Laid Off vs. Fired and Wrongful Termination

Laid Off vs. Fired: What Are the Differences?

If you’re like many people, you know that wrongful termination is too common in California – and you may also know that it’s possible to be wrongfully terminated whether you’re fired or laid off. But what are the differences between being fired and laid off, and how can your situation affect a wrongful termination claim?

Here’s what you need to know.

Laid Off vs. Fired: What Are the Differences?

There are a couple of differences between being laid off and being fired – but basically, a layoff means it was the employer’s fault and a firing means it was the employee’s fault. “Fault” is definitely subjective – these differences only apply when wrongful termination isn’t at play. This definition only applies to regular layoffs and termination when an employer isn’t violating the law.


Sometimes companies restructure and try to eliminate redundant jobs, or they have to stop using part of their workforce because they can’t afford to pay workers. The company can choose layoffs to meet this end.


Employees – again, when the employer isn’t violating the law with wrongful termination – can be fired because of poor job performance, failing to meet a supervisor’s (or the company’s) expectations, or for any other reason as long as that reason doesn’t rely on discrimination.

Related: Were you unfairly fired from your job?

Can Wrongful Termination Apply if You’re Laid Off?

If your employer lays you off, you could still have a wrongful termination claim. In fact, sometimes employers use layoffs to disguise actual wrongful termination.

Sometimes, even when an employer has legitimate reasons to lay people off, they include people they want to fire but can’t. For example, layoffs might include someone who complained about sexual harassment or a person the employer doesn’t want facing customers because of an accent. Even though the employer has a valid reason for laying people off, it can’t include a person because of any discriminatory reason.

If you can prove that your employer included you in the layoffs because it was unlawfully discriminating against you, you may have a wrongful termination claim. And as a side note, even if you only suspect that your employer included you in the layoffs for a discriminatory reason, you may want to talk to a Los Angeles workplace discrimination lawyer – your attorney can help you determine whether you have a valid case.

Another layoff situation can constitute wrongful termination, too; if a layoff has a disproportionate negative effect on a protected group, the employees who were laid off as a group may be able to prove that they were laid off for discriminatory reasons. For example, if all the African American employees were laid off but the company didn’t lay off any other groups of nationalities, it could signal discrimination disguised as layoffs.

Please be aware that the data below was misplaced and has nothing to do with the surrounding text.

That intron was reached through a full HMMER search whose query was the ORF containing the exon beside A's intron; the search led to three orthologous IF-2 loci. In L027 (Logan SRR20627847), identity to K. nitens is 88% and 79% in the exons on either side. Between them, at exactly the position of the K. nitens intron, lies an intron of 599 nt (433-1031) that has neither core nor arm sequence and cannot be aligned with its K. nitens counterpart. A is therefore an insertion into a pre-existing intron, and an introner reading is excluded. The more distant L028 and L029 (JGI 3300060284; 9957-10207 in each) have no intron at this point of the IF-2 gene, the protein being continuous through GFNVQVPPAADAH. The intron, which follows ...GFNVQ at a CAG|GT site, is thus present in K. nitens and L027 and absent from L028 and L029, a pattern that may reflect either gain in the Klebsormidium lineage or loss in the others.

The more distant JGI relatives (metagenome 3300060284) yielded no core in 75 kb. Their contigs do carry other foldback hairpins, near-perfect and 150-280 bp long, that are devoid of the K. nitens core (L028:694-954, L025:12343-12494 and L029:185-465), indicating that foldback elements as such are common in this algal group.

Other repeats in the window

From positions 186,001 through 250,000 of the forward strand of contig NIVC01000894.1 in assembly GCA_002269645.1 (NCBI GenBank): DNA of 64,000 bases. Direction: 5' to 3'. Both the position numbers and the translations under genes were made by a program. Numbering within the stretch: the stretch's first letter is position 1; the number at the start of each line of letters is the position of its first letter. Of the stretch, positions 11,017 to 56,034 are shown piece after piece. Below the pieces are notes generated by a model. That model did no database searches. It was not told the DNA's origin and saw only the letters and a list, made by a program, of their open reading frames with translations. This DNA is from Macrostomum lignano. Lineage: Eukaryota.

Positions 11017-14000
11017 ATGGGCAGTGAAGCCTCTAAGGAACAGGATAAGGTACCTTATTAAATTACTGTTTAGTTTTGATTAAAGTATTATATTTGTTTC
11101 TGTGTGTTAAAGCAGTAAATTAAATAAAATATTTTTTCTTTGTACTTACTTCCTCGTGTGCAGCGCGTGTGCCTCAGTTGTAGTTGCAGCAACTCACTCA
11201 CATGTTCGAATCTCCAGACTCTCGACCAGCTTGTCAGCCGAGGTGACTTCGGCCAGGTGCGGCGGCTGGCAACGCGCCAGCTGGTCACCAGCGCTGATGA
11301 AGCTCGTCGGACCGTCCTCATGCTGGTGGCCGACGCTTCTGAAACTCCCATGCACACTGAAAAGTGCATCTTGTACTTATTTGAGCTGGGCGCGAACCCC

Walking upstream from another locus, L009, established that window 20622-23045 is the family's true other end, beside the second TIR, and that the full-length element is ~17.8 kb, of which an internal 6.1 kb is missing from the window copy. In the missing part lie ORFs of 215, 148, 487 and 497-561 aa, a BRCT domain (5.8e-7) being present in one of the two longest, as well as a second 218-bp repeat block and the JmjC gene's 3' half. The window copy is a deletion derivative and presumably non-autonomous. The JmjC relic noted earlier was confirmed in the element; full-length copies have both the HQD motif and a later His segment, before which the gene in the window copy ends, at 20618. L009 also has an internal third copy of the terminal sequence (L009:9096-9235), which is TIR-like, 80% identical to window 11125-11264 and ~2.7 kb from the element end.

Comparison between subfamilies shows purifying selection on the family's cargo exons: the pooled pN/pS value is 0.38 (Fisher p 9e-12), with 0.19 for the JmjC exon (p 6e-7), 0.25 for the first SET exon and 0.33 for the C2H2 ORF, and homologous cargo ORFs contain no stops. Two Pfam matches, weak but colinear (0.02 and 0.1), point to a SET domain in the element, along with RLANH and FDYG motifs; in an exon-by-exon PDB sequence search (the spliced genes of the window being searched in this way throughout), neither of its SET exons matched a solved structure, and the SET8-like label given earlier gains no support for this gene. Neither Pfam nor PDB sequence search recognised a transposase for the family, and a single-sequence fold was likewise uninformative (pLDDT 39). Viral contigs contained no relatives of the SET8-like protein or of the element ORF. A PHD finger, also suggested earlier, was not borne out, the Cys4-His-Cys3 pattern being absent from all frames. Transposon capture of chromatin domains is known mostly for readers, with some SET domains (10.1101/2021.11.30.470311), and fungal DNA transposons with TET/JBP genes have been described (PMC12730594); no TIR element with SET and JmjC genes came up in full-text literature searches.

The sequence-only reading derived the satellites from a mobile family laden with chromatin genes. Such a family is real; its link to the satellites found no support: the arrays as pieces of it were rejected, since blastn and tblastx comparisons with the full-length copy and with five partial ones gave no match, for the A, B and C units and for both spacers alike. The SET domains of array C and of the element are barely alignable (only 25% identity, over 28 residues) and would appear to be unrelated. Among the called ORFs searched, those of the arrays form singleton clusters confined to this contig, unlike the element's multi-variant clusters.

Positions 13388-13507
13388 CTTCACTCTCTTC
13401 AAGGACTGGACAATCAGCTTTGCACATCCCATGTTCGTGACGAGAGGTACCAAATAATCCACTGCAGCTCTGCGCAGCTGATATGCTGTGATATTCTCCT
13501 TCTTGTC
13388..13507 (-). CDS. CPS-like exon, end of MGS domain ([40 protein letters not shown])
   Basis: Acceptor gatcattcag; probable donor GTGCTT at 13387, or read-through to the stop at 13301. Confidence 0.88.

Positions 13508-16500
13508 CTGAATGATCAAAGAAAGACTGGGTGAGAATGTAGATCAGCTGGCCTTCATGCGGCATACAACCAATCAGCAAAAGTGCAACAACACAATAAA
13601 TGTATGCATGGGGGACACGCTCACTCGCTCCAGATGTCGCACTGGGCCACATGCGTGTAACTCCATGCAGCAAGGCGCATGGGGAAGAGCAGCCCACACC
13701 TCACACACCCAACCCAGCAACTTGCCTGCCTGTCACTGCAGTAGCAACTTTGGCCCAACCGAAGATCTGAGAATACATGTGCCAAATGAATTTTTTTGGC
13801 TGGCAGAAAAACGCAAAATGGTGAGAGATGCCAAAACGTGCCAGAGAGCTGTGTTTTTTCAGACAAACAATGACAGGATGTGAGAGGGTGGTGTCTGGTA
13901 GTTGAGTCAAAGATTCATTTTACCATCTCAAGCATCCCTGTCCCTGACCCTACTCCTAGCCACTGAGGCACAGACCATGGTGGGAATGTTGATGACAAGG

Can Wrongful Termination Apply if You’re Fired?

Wrongful termination can absolutely apply if your employer fires you from your job. Under both California and federal law, employers are not allowed to fire employees for discriminatory reasons. If you’re fired for any of the following reasons, you may have a legal claim and should contact an attorney to explore your options:

  • Because of race, color, creed, nationality, religion, gender, or sexual orientation
  • As retaliation for whistleblowing
  • For working with prosecutors
  • For playing a part of a sexual harassment case
  • For refusal to commit an illegal act (such as covering up theft or shredding documents that could implicate your employer in a crime)
  • For taking time off to vote, serve on a jury, or under the Family and Medical Leave Act, or to participate in military service

California is an “at-will” employment state, but that doesn’t mean it’s a free-for-all. Your employer cannot fire you for an unlawful reason or for a purpose that violates fundamental public policy, either. (“Public policy” means the system of laws, regulatory  measures and courses of action that current laws rely on – basically, public policy means unwritten rules.)

Related: What is at-will employment?

Do You Need to Talk to an Attorney About Wrongful Termination and Being Laid Off vs. Fired?

If you think you were wrongfully terminated because you were laid off or fired, we may be able to help you. Call us at 818-230-8380 to schedule your free consultation with an experienced, knowledgeable and caring employment lawyer today.

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